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FAQ's

1. What is TPN or PN?
2. What is hydration therapy?
3. Where do I stay when I come to St. Paul's Hospital for HPN training?
4. Can I stay in a private or semi-private room when I come for HPN training?
5. Where can my out-of-town family stay when I come for HPN training?
6. Can I go out on day passes when I come for HPN training?
7. Where do I get my supplies?
8. Can I travel on the BC HPN program?
9. How do I travel to the BC HPN clinic?
10. Can I go swimming if I'm on PN?
11. Can I still exercise?
12. What is a venting G-tube?
13. Who do I call if I have a problem with my PN?
14. What do I do if I'm admitted to a hospital?


1. What is TPN or PN?
Total parenteral nutrition (TPN), also known as parenteral nutrition (PN), is a solution containing protein, carbohydrate, fat, electrolytes, vitamins and minerals. The solution is infused directly into the blood stream. It is used when a person does not have a functioning gut or gastrointestinal tract, and may not be able to eat or may not be able to absorb all that they eat.

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2. What is hydration therapy?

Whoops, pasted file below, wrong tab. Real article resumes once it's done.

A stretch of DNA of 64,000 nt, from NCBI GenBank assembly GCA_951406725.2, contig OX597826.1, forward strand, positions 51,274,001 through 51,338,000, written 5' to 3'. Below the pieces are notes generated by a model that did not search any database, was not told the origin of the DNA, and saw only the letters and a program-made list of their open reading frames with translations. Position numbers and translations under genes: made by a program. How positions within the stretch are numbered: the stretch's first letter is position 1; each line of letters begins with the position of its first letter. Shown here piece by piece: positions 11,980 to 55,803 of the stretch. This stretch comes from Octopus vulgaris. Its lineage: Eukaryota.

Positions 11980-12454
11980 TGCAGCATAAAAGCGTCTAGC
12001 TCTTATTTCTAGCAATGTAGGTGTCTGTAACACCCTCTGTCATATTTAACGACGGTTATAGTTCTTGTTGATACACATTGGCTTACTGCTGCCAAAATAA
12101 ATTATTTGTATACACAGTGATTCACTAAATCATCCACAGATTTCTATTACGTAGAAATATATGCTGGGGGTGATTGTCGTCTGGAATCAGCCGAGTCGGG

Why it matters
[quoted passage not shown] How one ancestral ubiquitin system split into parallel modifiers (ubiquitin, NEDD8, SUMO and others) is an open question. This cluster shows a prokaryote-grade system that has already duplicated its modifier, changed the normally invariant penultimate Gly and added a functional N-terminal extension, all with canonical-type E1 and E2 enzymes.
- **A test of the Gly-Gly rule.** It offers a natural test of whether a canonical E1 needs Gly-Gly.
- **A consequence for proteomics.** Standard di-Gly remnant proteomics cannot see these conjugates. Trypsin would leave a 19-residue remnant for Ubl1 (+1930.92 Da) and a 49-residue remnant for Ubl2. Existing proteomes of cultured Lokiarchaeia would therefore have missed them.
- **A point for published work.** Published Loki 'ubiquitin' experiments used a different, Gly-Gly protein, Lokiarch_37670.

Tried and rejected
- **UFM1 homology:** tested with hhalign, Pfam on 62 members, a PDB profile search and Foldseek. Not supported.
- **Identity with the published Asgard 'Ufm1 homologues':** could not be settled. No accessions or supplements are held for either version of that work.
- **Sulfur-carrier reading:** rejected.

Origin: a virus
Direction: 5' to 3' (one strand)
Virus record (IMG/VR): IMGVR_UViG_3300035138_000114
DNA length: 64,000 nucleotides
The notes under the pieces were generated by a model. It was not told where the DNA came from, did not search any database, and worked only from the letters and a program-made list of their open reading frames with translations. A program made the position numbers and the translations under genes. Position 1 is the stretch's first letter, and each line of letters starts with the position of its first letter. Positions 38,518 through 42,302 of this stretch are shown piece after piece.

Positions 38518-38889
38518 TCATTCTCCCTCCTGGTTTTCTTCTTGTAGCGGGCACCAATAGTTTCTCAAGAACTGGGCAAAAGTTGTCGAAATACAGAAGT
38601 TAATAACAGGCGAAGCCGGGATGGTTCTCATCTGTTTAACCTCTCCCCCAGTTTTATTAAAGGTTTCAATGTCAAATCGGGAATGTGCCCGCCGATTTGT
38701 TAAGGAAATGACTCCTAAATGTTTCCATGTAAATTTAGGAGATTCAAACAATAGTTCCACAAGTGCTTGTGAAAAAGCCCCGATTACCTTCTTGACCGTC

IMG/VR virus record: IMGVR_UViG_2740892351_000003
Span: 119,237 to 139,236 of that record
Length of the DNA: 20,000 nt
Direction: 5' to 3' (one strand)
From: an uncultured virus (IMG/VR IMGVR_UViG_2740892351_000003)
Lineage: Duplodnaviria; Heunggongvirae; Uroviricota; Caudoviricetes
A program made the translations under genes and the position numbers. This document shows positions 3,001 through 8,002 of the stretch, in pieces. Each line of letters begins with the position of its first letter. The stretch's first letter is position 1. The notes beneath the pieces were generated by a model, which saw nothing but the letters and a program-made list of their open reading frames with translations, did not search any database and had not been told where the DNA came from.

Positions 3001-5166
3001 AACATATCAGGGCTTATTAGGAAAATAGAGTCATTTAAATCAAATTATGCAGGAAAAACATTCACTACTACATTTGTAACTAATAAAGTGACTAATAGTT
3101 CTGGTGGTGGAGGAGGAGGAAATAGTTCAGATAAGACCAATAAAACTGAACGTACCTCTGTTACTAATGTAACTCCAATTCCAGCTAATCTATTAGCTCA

Hydration therapy is the infusion of fluid directly into your blood stream. It is used when you are unable to meet your fluid needs by mouth and may be used in addition to your PN solution.

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3. Where do I stay when I come to St. Paul's Hospital for HPN training?
When you are being trained on how to administer HPN, you will stay at St. Paul's Hospital as an inpatient. Our Program Coordinator will arrange for you to stay in a bed designated for HPN training whether you are already a patient at St. Paul's Hospital, you transfer to St. Paul's from another hospital, or you come from home.

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4. Can I stay in a private or semi-private room when I come for HPN training?